I spent a marvelous Friday evening at the ever delightful Sola Coffee Café with two of my sons listening to the dulcet tones of Janelle True. She opened up with a well-chosen Norah Jones classic “Don’t Know Why.” It epitomizes the way she covers songs: while hinting at Norah Jones’s sound, the ebb and flow of rhythm and phrasing emphasis is all her own with an undercurrent of quiet power. As you listen to Ms. True sing, you hear her passion come through. Often her own songs are based on either an experience or her processing through the emotions from her experience. Whether it’s goodbye to her old life or recognizing the challenges of marching to a different drummer, the emotional intensity comes through. She is never afraid to wax a cappella or to pull back and let the quiet shine through. She brings to bear the right vocal tools at just the right time to express meaning and motion. She does all of this at Sola which, while lovely, is not a concert hall. Meals are being had, conversations are progressing and patrons are moving about. All relatively quietly and respectively, but it can still be a bit distracting.
The evening was a treasure trove of her original songs from Swept Away and Painted Pianos as well as covering well-known morsels including multiple Norah Jones and Birdy songs with a couple new ones thrown in. Indeed, she even mashed up a little Norah Jones “Come Away With Me” and Birdy (Bob Ivers) “Skinny Love.”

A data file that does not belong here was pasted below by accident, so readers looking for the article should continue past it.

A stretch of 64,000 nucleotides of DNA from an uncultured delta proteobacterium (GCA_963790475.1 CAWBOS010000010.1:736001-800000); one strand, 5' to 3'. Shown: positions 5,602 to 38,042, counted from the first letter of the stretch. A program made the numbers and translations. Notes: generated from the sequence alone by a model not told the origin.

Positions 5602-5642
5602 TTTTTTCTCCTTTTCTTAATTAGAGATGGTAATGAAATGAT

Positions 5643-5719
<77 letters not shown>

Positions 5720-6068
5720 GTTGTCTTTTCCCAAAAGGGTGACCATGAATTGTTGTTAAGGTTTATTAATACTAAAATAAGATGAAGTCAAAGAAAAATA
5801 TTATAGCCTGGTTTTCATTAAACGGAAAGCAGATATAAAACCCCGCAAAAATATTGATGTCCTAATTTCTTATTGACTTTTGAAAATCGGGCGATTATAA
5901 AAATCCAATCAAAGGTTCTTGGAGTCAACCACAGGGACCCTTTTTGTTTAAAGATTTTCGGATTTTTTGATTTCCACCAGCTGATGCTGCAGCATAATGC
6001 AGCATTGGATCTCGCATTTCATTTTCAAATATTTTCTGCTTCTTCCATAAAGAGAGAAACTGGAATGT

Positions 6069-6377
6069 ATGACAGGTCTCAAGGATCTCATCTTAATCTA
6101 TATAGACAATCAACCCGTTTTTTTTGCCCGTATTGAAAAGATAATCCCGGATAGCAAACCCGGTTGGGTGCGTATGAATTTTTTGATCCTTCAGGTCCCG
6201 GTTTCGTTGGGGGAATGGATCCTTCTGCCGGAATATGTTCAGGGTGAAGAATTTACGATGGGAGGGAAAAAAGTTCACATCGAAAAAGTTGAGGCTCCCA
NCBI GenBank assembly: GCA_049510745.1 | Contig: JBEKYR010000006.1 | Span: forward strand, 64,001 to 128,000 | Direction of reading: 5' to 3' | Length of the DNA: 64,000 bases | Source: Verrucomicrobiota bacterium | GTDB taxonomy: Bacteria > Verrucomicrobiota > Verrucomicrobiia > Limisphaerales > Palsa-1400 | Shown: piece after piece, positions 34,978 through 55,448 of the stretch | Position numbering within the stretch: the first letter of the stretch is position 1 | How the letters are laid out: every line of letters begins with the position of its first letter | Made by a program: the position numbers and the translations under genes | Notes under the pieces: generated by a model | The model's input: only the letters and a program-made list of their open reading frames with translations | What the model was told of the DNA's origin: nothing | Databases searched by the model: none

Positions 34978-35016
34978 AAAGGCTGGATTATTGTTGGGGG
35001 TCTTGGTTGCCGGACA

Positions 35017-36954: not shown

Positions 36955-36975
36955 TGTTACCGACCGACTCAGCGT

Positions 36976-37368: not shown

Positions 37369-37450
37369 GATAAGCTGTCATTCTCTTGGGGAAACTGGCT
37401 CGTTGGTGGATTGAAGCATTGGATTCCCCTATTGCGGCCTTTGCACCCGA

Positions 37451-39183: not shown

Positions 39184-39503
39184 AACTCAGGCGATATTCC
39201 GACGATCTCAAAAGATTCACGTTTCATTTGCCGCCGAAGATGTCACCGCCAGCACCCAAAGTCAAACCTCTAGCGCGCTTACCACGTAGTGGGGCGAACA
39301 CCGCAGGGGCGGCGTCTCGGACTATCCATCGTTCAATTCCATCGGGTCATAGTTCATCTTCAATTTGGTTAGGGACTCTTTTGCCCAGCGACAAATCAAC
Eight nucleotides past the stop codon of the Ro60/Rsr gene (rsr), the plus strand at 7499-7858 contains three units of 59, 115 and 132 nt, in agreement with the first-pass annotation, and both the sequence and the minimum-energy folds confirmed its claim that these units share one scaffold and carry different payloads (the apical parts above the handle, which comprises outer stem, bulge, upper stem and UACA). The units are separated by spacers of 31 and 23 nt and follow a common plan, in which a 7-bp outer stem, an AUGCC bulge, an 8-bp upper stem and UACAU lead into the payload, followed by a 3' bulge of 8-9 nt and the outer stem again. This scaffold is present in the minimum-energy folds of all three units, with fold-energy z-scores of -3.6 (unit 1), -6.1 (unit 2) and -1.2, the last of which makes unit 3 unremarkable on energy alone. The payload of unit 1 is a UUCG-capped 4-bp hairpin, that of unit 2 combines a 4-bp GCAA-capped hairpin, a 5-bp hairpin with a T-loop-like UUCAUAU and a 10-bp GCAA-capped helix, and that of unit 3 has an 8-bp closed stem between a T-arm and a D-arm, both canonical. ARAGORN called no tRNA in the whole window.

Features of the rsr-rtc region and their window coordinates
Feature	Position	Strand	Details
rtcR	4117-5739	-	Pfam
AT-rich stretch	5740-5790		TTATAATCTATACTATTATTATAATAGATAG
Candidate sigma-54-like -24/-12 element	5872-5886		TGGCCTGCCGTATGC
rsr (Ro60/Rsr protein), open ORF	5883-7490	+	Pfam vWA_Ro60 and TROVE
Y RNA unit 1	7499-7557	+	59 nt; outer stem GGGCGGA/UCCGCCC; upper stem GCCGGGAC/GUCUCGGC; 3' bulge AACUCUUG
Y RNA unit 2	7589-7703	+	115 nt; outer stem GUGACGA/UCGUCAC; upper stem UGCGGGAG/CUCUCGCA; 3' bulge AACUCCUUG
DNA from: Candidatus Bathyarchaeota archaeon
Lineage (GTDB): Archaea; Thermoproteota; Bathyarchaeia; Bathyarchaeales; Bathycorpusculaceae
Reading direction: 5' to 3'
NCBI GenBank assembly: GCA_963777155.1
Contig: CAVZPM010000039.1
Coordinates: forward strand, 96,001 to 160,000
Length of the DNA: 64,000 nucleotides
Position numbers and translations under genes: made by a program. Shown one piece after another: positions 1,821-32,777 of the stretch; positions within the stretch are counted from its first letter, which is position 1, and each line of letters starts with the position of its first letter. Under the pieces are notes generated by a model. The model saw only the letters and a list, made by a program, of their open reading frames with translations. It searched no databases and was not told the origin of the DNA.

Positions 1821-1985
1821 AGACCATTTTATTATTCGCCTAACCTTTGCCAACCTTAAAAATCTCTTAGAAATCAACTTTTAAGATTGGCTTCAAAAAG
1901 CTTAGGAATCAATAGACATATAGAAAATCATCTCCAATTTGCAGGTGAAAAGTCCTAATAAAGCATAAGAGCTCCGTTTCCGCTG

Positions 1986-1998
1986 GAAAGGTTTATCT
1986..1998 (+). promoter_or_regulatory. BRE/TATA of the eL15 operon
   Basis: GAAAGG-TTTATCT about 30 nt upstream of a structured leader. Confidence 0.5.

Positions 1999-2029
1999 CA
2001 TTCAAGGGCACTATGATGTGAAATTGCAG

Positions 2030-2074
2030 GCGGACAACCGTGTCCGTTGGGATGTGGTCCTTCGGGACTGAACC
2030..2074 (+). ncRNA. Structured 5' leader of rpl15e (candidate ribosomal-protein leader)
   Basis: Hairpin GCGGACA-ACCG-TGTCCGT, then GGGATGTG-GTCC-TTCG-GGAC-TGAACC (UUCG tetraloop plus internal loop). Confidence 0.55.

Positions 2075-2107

Ms. True wandered between keyboard and guitar as she wandered between original contemporary Christian works, contemporary covers and some classics such as “Stand By Me,” “My Funny Valentine,” “L.O.V.E” and “Love Me Tender.” One of the reasons I love to hear standards sung (besides the fact that they’re great and, hence, standards) is that it allows me to see how artists handle well-known material as well as providing an opportunity of separating their singing ability from the material; you don’t love the singer merely because you love the song. Ms. True handles the standards in her own inimitable way while clearly honoring the original. Here’s a little taste of that (from another concert) with “My Funny Valentine:”
Overall, it was a thoroughly enjoyable evening. If you have an opportunity to hear Janelle True live, take it. While her passion and power are communicated through her recorded work, it is more visceral live.
I also had an opportunity to have a little Q&A with Ms. True, but that interview, my friends, is for another post :) Just to appease you a bit, here’s “Lost at Sea” from Swept Away: